The Jews can’t come in any other way than becoming Christians and that has to be done before Jesus comes back, one camp says; while the other camp argues that the Jews will come in but will have to wait to become believers after or during the tribulation.

  21. beard snolybab says:

    Uniformity is impossible and not even desirable … unity is lovely and it is inherent in all lovers of Jesus… Divisiveness is a function of uniformity… and every camp malfunctions at that point. Unity is a generosity of spirit that transcends everything except the barest of creeds… Jesus is LORD!… I have unity with everyone who has that as their creed.

    The dispensationalists have no special hold on divisiveness… we all share in that … here is the critical question … with whom would you share table fellowship? At the table therein is unity. And with that I have just fractured the discussion.

  22. Another Voice says:

    May I kindly suggest that Jesus is likely not praying for the unity of doctrine that we so often apply to this prayer (and as suggested by the post). The oneness He seems to ask for is the oneness of the believer and Christ. I am one with my fellow believers because of the individual oneness we each share in Christ (i.e. the One Body of Christ, or Church universal).

    I mention this because if this is for doctrinal unity, then the Father did not answer Jesus’ prayer, did He?

    I know one response would be, “Well, not yet, but He will” – A possibility yes, but unsatisfactory to me for I don’t see Jesus’ prayer as eschatological, but ecclesiological.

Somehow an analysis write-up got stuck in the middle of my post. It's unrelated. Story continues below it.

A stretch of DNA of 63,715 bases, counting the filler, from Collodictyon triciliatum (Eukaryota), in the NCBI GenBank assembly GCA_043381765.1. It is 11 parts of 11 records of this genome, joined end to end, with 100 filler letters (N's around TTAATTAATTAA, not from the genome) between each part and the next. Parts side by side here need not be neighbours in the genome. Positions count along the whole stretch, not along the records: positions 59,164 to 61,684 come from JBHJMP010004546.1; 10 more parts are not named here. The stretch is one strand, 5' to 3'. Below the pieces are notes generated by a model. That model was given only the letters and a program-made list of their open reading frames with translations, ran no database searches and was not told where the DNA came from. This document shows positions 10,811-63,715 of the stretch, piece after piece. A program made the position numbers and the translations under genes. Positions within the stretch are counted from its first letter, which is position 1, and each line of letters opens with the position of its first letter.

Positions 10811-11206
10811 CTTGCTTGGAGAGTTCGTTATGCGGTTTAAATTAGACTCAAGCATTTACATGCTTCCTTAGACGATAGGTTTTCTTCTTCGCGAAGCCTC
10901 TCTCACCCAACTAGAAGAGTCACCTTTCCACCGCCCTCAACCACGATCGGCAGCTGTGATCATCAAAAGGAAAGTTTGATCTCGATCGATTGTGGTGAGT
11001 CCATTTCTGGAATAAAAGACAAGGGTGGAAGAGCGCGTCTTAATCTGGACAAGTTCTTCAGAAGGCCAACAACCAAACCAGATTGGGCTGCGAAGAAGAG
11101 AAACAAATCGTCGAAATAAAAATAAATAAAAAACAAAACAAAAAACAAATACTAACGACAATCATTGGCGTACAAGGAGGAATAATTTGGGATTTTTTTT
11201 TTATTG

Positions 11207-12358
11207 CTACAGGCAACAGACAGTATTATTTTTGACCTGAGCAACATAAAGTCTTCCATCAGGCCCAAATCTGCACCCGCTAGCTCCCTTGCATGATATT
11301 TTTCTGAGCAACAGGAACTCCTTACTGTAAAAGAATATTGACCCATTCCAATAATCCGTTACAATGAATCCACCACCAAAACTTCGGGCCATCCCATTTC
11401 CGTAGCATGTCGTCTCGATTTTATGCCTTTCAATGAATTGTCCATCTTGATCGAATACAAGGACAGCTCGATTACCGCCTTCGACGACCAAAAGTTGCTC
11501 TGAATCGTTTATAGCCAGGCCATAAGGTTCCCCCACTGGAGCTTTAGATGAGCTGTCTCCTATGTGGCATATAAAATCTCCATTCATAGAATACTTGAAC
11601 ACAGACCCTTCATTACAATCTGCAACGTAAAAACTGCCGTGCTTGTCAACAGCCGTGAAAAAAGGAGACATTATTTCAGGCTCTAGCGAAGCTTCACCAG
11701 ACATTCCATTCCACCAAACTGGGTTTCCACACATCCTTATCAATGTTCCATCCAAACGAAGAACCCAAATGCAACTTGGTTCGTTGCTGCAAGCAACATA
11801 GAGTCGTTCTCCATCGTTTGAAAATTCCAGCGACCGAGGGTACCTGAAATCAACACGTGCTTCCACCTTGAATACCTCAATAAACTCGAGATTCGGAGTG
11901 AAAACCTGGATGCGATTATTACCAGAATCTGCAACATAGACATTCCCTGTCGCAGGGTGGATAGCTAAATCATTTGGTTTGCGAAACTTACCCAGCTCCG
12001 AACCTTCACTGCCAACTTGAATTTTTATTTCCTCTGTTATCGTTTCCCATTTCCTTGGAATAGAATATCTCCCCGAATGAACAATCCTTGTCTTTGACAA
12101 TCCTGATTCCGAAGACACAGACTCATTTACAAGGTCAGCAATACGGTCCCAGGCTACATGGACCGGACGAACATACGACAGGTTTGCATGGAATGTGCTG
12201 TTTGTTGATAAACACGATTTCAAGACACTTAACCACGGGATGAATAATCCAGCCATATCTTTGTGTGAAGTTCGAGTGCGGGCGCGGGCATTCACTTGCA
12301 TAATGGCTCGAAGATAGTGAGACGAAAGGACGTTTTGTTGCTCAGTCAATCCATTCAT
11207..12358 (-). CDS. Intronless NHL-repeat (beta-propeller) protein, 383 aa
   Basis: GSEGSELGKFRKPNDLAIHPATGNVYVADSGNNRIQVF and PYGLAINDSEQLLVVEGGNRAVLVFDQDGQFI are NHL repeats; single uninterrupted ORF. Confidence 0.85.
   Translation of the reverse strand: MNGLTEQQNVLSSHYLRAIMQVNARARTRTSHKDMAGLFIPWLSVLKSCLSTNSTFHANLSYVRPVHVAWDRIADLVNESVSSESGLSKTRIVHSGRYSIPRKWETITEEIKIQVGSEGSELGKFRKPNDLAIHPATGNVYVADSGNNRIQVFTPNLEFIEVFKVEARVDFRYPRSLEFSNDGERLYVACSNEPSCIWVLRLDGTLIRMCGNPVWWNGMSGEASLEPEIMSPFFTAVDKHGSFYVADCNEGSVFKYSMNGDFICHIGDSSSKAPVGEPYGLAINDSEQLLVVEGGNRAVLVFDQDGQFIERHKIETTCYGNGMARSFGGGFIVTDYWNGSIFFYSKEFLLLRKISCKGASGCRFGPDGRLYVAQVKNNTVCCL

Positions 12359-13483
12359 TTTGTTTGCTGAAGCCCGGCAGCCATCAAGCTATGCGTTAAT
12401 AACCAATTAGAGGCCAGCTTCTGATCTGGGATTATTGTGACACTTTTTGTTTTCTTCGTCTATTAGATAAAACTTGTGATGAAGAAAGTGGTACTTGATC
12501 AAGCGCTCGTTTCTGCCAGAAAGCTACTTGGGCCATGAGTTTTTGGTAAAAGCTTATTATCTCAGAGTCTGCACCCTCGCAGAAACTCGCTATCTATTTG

23. brian says:

    “dislike Billy Graham so much is that he has a charitable attitude ”

    I was always told this was one of my more annoying “traits”, being charitable that is. It was always taken as compromise, man pleasing etc. I tried being rude and nasty for a few months and people were actually pleased with my spiritual growth. I dont get it.

  24. ( | o )====::: says:

    Mark 9:40 (English Standard Version)
    “For the one who is not against us is for us.”

    Michael, You’re in better company than your ODM critics.
    Keep calm and carry on.

  25. Psalm62 says:

    read and caught up on the all the day’s posts and i am left with only one thot

    snolybab should have a listing in the dictionary (it doesn’t)

  26. beard snolybab says:

    Snolybab is a perfectly good word than means the evil empire is in reverse.

  27. Jessica Menn says:

    I like Snolybab, but “beard” spelled backwards is “draeb” which, in context, doesn’t make much sense to me.

  28. Psalm62 says:

    hmmm – i know what it spells backwards – like it better the way it is … an evil empire in reverse is a good empire?
    but Snolybab is an excellent word, wasn’t there an old Anglican priest named Snolybab? or was his name Snolybob? 😉

  29. A E A says:

    The odm’s embarrass me.

    The paranoia and lack of trust that God is able to protect and speak to His people without their chicken little warnings makes me wonder what they trust.